The UK insurance industry is under fire from small businesses and hospitality market participants as details of business interruption pay-outs remain unclear.
Some market participants are seeking intervention from the government.
On April 29, Hospitality Insurance Group Action (HIGA) launched to hold insurance companies to account for coronavirus business interruption pay-outs, following an announcement by the Association of British Insurers (ABI) on April 25 estimating that £900m would be paid out by insurers for coronavirus business interruption. On May 1 the Financial Conduct Authority (FCA) responded to the dispute, announcing that it will seek legal clarity on business interruption insurance to “resolve doubt” for businesses.
“The [ABI] announcement is not a consolation for me,” says Juan Carlos Venegas, director, FA Forensics Ltd, who has been assisting businesses with quantifying their loss of earnings.
“The way I see it, because I did the same when the government announced the job retention schemes and the [Coronavirus Business Interruption Loan Scheme] loans, I already anticipated that it wasn’t going to work quite as well as it was announced. Until the criteria are defined it may look like good news, but then the disappointment comes when you may not qualify for it.
“There’s usually something in the small print which is the key element for the insured, either not to be able to claim or have the claim declines, or not being entitled to as much as they thought they would,” he says, adding that some businesses falsely think when they sign for comprehensive insurance, any business interruption will be covered.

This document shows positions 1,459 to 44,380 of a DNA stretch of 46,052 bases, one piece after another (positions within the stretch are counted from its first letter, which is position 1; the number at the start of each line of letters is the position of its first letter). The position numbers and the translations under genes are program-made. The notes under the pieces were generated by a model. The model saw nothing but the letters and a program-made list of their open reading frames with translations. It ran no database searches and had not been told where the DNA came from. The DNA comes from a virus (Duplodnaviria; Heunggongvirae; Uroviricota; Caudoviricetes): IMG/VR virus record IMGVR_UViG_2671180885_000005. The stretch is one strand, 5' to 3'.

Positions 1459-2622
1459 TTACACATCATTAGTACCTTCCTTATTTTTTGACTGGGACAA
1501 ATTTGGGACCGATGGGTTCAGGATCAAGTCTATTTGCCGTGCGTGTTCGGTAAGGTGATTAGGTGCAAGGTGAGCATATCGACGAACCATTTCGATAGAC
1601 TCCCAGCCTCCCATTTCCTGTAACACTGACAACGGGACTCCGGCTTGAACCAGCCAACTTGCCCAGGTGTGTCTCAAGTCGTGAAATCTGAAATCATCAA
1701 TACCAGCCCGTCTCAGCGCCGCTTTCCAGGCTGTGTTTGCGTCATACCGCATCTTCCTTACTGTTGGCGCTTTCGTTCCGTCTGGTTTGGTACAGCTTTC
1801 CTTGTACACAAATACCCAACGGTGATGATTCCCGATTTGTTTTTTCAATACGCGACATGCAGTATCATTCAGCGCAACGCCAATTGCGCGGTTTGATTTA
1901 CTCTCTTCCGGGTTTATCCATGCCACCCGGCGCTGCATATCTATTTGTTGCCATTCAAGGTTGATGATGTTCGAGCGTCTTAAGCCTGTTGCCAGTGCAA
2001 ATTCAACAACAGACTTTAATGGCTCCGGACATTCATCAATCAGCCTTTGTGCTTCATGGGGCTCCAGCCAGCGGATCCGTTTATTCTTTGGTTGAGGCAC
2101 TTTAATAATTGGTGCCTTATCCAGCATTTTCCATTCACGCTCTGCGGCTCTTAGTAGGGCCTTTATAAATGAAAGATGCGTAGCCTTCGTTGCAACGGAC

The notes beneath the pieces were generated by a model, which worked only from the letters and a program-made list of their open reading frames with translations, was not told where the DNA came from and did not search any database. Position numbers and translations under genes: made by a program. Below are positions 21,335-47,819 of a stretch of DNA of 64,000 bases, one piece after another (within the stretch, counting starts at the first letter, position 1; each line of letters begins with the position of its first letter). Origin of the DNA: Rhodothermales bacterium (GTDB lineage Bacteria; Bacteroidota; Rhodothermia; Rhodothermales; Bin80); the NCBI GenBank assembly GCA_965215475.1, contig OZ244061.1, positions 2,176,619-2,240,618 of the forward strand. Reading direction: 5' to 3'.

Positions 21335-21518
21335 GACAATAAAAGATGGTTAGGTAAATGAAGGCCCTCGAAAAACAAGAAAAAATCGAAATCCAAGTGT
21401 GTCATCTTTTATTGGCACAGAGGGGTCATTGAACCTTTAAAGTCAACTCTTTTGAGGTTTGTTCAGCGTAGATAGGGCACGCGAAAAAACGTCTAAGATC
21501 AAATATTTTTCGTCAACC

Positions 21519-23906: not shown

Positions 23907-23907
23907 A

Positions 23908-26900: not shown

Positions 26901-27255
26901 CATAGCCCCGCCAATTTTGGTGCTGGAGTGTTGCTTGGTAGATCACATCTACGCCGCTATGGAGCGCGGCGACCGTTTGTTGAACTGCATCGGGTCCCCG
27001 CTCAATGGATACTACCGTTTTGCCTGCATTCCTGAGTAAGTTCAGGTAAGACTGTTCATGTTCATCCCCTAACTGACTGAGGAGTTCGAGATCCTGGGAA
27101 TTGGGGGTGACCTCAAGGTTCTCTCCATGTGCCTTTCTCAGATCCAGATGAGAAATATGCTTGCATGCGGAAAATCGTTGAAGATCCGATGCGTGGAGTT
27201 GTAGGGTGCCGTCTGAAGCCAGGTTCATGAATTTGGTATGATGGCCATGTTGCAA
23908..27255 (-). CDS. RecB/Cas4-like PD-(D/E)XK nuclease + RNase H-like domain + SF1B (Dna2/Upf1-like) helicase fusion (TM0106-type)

On April 15, The FCA stated that most insurance policies bought by smaller UK companies do not cover disruption caused by coronavirus.
According to an ABI spokesperson, the association does not have precise figures on businesses that have the cover that would enable them to claim for a coronavirus disruption.
“Having said that, as our initial estimate of £900m likely to be paid out on business interruption claims for coronavirus points to, for firms who do have this cover, then some claims are likely to be substantial,” said the spokesperson in an email, adding that it is for the insurers to decide how to administer the pay-outs.
“What we can say is that no country in the world is able to provide widespread pandemic insurance, due to the global scale of the risk – something we are all too aware of at the moment. For cover to be more widely available and affordable in the future there would need to be some form of support from the government. The ABI is happy to be part of the debate about how that might best be achieved.”
But the role of the UK government remains uncertain. While the government has stepped in to assist banks with offering small business loans through CBILS, similar assistance has not been granted to the insurance industry.
“In terms of what the government can do, it’s a difficult one because it will be between how much pressure they can put on an insurance company to have a fair approach to the law, if you look at insurance as a contract. That’s a challenge, because that’s what they signed for at the time,” says Venegas.
“Unless the government for example were to do something similar to the [CBILS] loans where they make a guarantee so the insurance companies are not at a loss, but the insured isn’t losing either. It happened in other cases as well, many insurance policies don’t cover you for force majeure events.”
However Sonia Campbell, partner at Mischon de Reya – the litigation law firm advising HIGA – is doubtful of any government assistance.
“We think the government would be unlikely to intervene on the basis that a number of ministers have expressed the view that most businesses chose not to buy specific cover for pandemics – and therefore seems reluctant to force insurers to cover the business interruption losses now being claimed,” said Campbell in an email.